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  1. Haha!! That is amazing! Best description ever of being a beginner in skydiving!
  2. I was just trying to understand the "rythm" of skydiving and the dropzone experience so that I know what I'm going back to next summer if I decide to give the AFF course one more shot. I don't feel like a lost soul seeking counseling from people I don't know. I think everybody here said something very interesting about why and/or how they value skydiving. I find skydiving very intriguing myself. But having encountered these obstacles makes me wonder if this is something for me or not. So that is why I'm asking these questions. I have challenged myself enough regarding my fear of jumping out of airplanes for this season, so whatever happens practically regarding this will happen next summer.
  3. What do you mean by joke? This is no joke at all for me. If you mean the waiting - after we were done with ground school on the AFF early on tuesday we had to wait until saturday before we could start jumping. After this I booked a tandem at the local DZ but it was cancelled because of bad weather (or well the weather was actually good but the TI decided not to come because he thought it would be bad). So to be on the safe side I booked one week on the DZ I was starting the AFF on. I arrived on saturday and we all had to wait until thursday before we could start jumping.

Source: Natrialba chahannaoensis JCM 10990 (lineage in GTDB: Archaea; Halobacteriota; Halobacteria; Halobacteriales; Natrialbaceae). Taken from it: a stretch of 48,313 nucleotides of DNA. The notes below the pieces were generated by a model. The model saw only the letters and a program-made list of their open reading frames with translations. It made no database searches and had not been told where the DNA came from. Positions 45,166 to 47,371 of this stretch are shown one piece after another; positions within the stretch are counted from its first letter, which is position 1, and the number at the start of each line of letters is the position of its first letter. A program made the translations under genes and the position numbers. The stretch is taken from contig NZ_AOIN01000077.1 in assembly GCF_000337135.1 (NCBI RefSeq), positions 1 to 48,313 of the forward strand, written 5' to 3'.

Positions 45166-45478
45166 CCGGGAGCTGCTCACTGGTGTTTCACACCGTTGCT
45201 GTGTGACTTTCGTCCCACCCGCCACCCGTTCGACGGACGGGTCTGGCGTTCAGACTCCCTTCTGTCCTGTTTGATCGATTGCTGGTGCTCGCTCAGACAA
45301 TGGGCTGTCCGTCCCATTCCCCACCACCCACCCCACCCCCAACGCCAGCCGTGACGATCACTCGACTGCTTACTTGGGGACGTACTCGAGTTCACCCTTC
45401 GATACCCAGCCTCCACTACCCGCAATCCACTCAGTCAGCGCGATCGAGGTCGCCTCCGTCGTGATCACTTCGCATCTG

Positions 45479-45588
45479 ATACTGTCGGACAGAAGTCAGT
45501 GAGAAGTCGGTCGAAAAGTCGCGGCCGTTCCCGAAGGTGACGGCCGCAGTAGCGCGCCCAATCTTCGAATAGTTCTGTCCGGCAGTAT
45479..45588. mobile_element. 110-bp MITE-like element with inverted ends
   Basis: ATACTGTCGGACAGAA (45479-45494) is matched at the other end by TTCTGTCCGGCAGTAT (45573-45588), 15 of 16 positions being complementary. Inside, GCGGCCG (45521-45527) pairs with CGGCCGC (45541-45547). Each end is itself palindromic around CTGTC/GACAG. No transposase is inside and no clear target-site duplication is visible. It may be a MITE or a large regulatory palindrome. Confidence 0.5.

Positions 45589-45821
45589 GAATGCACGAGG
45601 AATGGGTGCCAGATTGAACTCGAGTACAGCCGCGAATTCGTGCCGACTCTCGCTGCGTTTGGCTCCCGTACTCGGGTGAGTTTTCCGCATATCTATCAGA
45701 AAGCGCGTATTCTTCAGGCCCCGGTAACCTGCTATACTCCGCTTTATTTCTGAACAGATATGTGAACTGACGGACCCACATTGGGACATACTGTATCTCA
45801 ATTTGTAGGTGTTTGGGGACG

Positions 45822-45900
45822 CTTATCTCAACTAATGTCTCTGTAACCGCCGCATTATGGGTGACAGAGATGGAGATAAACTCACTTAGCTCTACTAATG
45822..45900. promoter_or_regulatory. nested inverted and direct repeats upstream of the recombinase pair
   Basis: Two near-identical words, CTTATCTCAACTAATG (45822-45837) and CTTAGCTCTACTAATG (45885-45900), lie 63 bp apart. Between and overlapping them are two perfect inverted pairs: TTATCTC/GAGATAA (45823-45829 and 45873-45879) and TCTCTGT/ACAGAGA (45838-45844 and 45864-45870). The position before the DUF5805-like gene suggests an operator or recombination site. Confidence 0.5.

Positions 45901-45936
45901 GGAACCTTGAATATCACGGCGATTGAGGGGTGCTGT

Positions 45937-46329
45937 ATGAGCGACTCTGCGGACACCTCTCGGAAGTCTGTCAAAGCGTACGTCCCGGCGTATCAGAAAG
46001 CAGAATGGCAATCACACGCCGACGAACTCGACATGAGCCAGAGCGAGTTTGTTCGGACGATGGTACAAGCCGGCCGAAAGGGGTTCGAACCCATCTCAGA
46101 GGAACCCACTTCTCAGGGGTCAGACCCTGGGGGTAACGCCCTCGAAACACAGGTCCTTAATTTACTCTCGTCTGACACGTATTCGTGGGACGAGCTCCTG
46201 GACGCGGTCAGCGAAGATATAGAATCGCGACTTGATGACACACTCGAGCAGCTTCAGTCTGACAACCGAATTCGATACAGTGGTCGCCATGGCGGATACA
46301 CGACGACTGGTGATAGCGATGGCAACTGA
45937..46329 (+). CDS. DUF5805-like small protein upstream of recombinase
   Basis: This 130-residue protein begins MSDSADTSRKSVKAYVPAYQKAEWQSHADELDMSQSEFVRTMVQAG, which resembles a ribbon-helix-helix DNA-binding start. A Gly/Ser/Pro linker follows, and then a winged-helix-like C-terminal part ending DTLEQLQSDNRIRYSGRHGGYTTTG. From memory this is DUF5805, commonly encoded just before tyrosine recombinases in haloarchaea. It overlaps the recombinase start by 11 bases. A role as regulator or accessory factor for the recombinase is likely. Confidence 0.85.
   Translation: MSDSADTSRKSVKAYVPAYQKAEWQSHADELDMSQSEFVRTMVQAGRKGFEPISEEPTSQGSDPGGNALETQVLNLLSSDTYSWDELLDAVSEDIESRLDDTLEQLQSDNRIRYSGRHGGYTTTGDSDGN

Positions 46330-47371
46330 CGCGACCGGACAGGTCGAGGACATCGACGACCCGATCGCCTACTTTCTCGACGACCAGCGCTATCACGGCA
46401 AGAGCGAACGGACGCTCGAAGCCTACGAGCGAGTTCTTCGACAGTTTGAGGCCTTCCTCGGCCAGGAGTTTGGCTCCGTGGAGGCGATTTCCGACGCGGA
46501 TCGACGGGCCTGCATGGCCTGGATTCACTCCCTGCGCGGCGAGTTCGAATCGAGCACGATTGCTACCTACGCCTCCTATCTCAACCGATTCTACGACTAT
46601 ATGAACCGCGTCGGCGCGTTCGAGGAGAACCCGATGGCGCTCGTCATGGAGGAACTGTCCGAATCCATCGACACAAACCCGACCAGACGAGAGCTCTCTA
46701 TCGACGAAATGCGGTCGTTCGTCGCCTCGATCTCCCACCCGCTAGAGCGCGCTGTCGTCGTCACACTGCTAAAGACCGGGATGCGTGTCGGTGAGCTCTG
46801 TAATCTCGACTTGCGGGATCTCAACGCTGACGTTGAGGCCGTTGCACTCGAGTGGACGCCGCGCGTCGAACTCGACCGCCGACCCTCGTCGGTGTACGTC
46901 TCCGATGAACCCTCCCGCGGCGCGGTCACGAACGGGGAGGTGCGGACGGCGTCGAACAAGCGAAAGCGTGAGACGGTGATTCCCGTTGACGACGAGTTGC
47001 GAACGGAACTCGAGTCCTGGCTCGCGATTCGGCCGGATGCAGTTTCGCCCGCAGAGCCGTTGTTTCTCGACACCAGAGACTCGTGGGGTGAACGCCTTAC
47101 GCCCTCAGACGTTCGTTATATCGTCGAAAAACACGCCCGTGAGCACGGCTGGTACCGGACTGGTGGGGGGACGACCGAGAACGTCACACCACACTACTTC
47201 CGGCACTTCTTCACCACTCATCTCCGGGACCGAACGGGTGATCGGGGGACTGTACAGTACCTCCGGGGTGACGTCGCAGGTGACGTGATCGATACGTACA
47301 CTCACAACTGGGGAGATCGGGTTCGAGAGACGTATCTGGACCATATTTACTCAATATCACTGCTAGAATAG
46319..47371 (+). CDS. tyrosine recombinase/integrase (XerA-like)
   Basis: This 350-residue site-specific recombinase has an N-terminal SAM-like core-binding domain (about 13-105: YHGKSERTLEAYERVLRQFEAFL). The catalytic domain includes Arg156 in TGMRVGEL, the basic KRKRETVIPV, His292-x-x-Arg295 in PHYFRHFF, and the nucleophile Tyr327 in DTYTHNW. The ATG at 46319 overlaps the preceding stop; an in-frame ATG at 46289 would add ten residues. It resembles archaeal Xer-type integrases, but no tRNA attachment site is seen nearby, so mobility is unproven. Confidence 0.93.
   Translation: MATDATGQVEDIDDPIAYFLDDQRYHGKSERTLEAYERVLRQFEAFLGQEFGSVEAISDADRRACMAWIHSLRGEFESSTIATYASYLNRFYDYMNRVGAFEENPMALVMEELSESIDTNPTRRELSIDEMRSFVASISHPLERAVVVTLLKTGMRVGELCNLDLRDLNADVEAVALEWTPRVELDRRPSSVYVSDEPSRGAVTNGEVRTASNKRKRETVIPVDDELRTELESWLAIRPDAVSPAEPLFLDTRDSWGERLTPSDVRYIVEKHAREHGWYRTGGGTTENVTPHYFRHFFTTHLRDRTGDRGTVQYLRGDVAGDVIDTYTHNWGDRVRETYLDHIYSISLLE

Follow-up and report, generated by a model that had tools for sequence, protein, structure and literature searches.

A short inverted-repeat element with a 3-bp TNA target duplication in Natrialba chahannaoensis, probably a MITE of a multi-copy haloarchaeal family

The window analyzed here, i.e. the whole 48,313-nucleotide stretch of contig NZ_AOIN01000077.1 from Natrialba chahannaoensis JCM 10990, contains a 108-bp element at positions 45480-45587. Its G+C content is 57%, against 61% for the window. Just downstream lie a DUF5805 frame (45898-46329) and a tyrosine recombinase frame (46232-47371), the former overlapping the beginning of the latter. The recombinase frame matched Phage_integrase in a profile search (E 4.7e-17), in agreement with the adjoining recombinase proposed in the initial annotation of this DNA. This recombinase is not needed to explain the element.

4. Hello Everybody! Thank you for all your beautiful answers to my questions! It seems like every possible perspective has been covered here, and all of them totally relate to my skydiving and dropzone experience. I feel like I have a much better understanding of the whole skydiving experience and culture because of these answers, combined with how I experienced it. I did an AFF course in the end of May / beginning of June that only resulted in one tandem-jump. Later in the summer (middle of August) I went back and did 3 more tandem-jumps to prepare myself for the possibilty that I might do the AFF course again next summer. It is totally some of the most awesome experiences I've ever had. But the fear I experienced was unimaginable, and so much waiting totally contributed to psyching me out. And it almost did one more time when I went back and did those 3 extra tandems. I was totally unprepared for everything about this course. Never been to a bootcamp like this before, and I had no idea that skydiving was such a bureaucratic and regulated activity with such an intricate social hierarchy and everything. I was getting psyched out by all the waiting and adjusting to this new social structure I was not prepared for suddenly being a part of. But those are only excuses. I thought I was ready for doing the AFF 1 jump, but when I entered the airplane. Holy smokes. I've never been so afraid. It felt like I sat inside of a torture machine dressed up as a stupid clown forced to be dropped of in HELL together with some crazy and unhinged people belonging to a cult which was glorifying ritual craziness. Or something like that. Words cannot describe the horror I felt. So anyways. After having had to join the airplane down again after having totally refused to jump out of the open door. I mean in a calmed and controlled matter. I just refused to go anywhere near the open door and made it absolutely clear that I was not going to jump. So I spoke with one of the teachers in the evening and she could hook me up with a really awesome guy I could do a tandem with. So we did the next day. But even then I had to be forced out of the airplane. Or almost. I tried to pull out of it as we crawled towards the open door. But he just said: "Relax. It is going to be so fine." And I think I was just very glad he didn't buy into my bullshit, because when we sat at the door I was very relived and I was taking part in the exit-procedure, and when we were out of the airplane I was just so glad that I was going to get back to the ground "the right way." So anyways. Being in free-fall and being under the canopy was just something I totally loved, and I was sky-high for the rest of the day. But after this emotional rollercoaster I couldn't get myself to agree to one more tandem, or anything else. But I really thought I would go back again this summer and try some more when I had re-charged again. And I did. So I did 3 more tandems. And my only goal this time was to go consciously and voluntarily through the whole process. And it was a pretty HUGE victory that I could do this 3 times - take part in moving towards the door, and not resist one tiny bit. I really love being in free-fall, and also under canopy. It is just one of the most awesome experiences I can totally imagine. And also the group feeling when one is getting close to altitude and people starts to give each other fist-bumps and smiles because now it will soon happen. There is like electricity in the air. Even the most relaxed and cool people reveal their genuine and authentic joy in this moment. But the horror of being there in the airplane and all the nerves building up. It is just unimaginable. And it is not logical, because as soon as I'm out of the door everything feels awesome. But if I decide to go back next year and start the AFF progress I have to know that I'm totally commited, and I have to be prepared for those feelings in the airplane telling me: "Why the fuck did I get myself into this situation AGAIN!?" But I think I'm ready for jumping out alone (together with two instructors) next time. I just have to mentally prepare myself for those intense feelings in the airplane. So I might have some questions later about how to prepare for this. But I think you guys already gave me the answers in my first thread here - Just decide beforehand and know that when the time comes you might not be able to think rationally about it. And I should probably think much more about the AFF task that I'm going to execute next time, and much less about all the philosophical aspects of this new experience I'm about to have, because now I'm much more familiar with what it involves, and I should just be ready for applying myself to the learning-procedure. Lots of over-thinking here. But yeah. Pretty cool and interesting experience so far the whole thing haha... ;-D So this was my first season of skydiving. Not quite what I had imagined as I was falling in love with skydiving through binging on skydiving on youtube for 3 months before this course, but still, probably the coolest summer I've had so far because of this totally new and wildly interesting experience and culture. Anyways, thanks for all your great answers!!